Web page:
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PURELY POLITICAL: Let in the media


Albert Brandford

PURELY POLITICAL: Let in the media

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I think the media should be entitled to come into the meeting of any committee of Parliament and listen to the testimony of people, the questions asked, and also to hear what at the committee level parliamentarians are doing and to determine how best people are spending taxpayers’ money. – David Thompson, then MP for St John and former chairman of the Public Accounts Committee (PAC), June 2004.
Thompson, who would return to the chair of the Public Accounts Committee in 2006 and make good on his firm belief by inviting the media to public hearings, said he could not understand why the media was not allowed to cover PAC deliberations.
“The reason, as I understand it, even though I think it is a very foolish one, is that the committee reports to Parliament and therefore what the media should be interested in is not what some call the witch-hunt process, but the final report,” he noted. “I think that is wrong.”
Initially, I was hesitant about returning this early to the controversy over public hearings of the PAC as convened by Leader of the Opposition Mia Mottley.
But having late last week obtained a copy of a Special Report on the June 18 PAC hearing, I think certain observations may help MPs and the public.
I was more than a little alarmed as a journalist that the real catalyst for this current controversy appeared to have been publication in NATION newspapers, on June 6 and 8, of two articles: NHC Probe and $239m Owed, arising out of the June 5 public PAC hearing.
“In the opinion of the Clerks of the Table,” according to the Special Report, “the publications ought not to have been done and since they were, the publications, by extension, amount to a breach of the privileges of the House. The Clerks are of this view because the publications amount to a ‘premature publication’ of evidence taken before the Committee, and before the Committee has presented its report to the House.
“Even if one can point to conflicting provisions in the Public Accounts Committee Act viz Section 13, the collective view of the Clerks at the Table is that the Constitution is the Supreme Law of the land and subject to the provisions of this Constitution, if any other law is inconsistent with this Constitution, this Constitution shall prevail and the other law shall, to the extent of the inconsistency, be void.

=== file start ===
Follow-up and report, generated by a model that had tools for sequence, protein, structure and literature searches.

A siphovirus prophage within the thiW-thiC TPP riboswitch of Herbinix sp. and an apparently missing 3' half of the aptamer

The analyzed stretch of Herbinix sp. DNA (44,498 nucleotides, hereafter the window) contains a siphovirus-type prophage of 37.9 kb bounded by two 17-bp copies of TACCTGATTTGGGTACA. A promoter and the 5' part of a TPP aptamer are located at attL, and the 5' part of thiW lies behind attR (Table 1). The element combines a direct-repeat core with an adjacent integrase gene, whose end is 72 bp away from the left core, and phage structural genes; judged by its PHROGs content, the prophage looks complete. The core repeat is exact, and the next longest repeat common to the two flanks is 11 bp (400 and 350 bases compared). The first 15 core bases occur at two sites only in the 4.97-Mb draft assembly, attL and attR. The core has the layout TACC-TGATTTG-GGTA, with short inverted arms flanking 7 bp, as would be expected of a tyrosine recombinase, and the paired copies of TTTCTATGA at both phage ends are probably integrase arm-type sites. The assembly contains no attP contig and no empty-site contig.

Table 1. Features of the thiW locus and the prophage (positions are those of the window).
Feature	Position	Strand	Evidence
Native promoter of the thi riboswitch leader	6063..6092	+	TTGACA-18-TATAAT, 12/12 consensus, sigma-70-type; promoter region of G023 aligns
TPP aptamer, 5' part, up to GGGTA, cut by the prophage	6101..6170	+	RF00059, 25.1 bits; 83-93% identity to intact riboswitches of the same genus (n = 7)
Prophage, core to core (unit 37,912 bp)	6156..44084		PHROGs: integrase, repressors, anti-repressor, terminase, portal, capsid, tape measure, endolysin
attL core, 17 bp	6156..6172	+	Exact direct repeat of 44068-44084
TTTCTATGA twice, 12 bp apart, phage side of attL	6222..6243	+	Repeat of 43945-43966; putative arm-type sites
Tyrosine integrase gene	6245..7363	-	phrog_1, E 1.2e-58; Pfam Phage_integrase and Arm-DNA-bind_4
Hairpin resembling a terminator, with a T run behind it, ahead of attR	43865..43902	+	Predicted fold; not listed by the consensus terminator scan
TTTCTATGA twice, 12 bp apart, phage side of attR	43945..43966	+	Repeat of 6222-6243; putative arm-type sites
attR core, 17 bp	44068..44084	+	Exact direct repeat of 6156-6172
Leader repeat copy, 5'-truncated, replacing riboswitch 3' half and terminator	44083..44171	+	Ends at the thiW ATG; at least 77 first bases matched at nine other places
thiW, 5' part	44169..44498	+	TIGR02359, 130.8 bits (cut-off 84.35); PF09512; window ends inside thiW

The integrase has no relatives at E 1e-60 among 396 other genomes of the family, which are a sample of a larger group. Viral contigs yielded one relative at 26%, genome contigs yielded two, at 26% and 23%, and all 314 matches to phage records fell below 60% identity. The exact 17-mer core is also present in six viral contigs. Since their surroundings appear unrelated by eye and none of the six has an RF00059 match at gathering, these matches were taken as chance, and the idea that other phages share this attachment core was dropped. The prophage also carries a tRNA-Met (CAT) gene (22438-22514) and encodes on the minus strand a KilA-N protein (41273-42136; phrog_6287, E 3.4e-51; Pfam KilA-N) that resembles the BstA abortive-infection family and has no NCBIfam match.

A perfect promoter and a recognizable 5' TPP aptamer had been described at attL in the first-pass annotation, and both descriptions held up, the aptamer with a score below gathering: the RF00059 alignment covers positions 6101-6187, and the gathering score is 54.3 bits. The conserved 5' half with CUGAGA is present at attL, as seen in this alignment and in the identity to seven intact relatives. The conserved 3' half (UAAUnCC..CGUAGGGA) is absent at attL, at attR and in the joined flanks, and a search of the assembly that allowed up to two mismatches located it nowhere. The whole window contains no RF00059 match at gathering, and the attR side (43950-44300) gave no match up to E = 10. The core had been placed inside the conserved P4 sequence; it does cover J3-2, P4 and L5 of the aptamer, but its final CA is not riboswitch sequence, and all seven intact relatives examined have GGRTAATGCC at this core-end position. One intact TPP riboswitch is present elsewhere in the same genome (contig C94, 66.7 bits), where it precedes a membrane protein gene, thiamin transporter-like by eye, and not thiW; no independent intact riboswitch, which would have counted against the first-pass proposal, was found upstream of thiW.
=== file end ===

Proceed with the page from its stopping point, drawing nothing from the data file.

“So that even if this can be considered a conflict, then Standing Order 61 prevails because of the supremacy of the Constitution. The publication of the evidence ought not to have been done.
“Publication of the proceedings and evidence taken before a Committee of the House before the Committee’s report is laid in Parliament is viewed so seriously that S.26 of the Parliament (Privileges And Immunities) Act Cap 9 labels it a contempt for members of either House to publish evidence of that committee other than to members.
“In the opinion of the Clerks, the law and Standing Orders of the House prevent the premature publication of evidence before the Public Accounts Committee reports to the House. And, to that extent, the Nation Publishing Company Limited was in breach of the privileges of the House and ought to be warned in preference to referring the matter to the Committee of Privileges.”
I find it passing strange that when I covered the Thompson hearings and reported the evidence in the said NATION newspapers, there was no outcry from the then ruling party (which had passed the PAC law), and the then Opposition had begun to revel in its new-found power to expose wrongdoing but claimed it was hamstrung by Government’s failure to draft and table regulations governing the PAC in the House.
That Opposition now forms the Government and it, too, has failed to bring regulations. Instead, it has started what amounts to a silly filibuster of the Mottley hearings when it is clear that the PAC’s work has been done in the past under Thompson and can continue to be done without the regulations.
The Mottley committee has quite rightly asked the House for a determination as to whether Standing Order 61 can be suspended to allow the PAC to work.
One waits to see whether there will be a negative determination and what justification would be used, given the fact that there is a precedent set whenever the House sits as the Leader of the House moves the motion for suspension of no fewer than seven Standing Orders: 6, 16, 18, 20, 42(5), 43 and 44.
Giving the media access to PAC meetings would afford the House the perfect opportunity to assert itself and reaffirm the primacy of Parliament in helping to make Barbados the free and open democracy we often say it is.
• Albert Brandford is an independent political correspondent.

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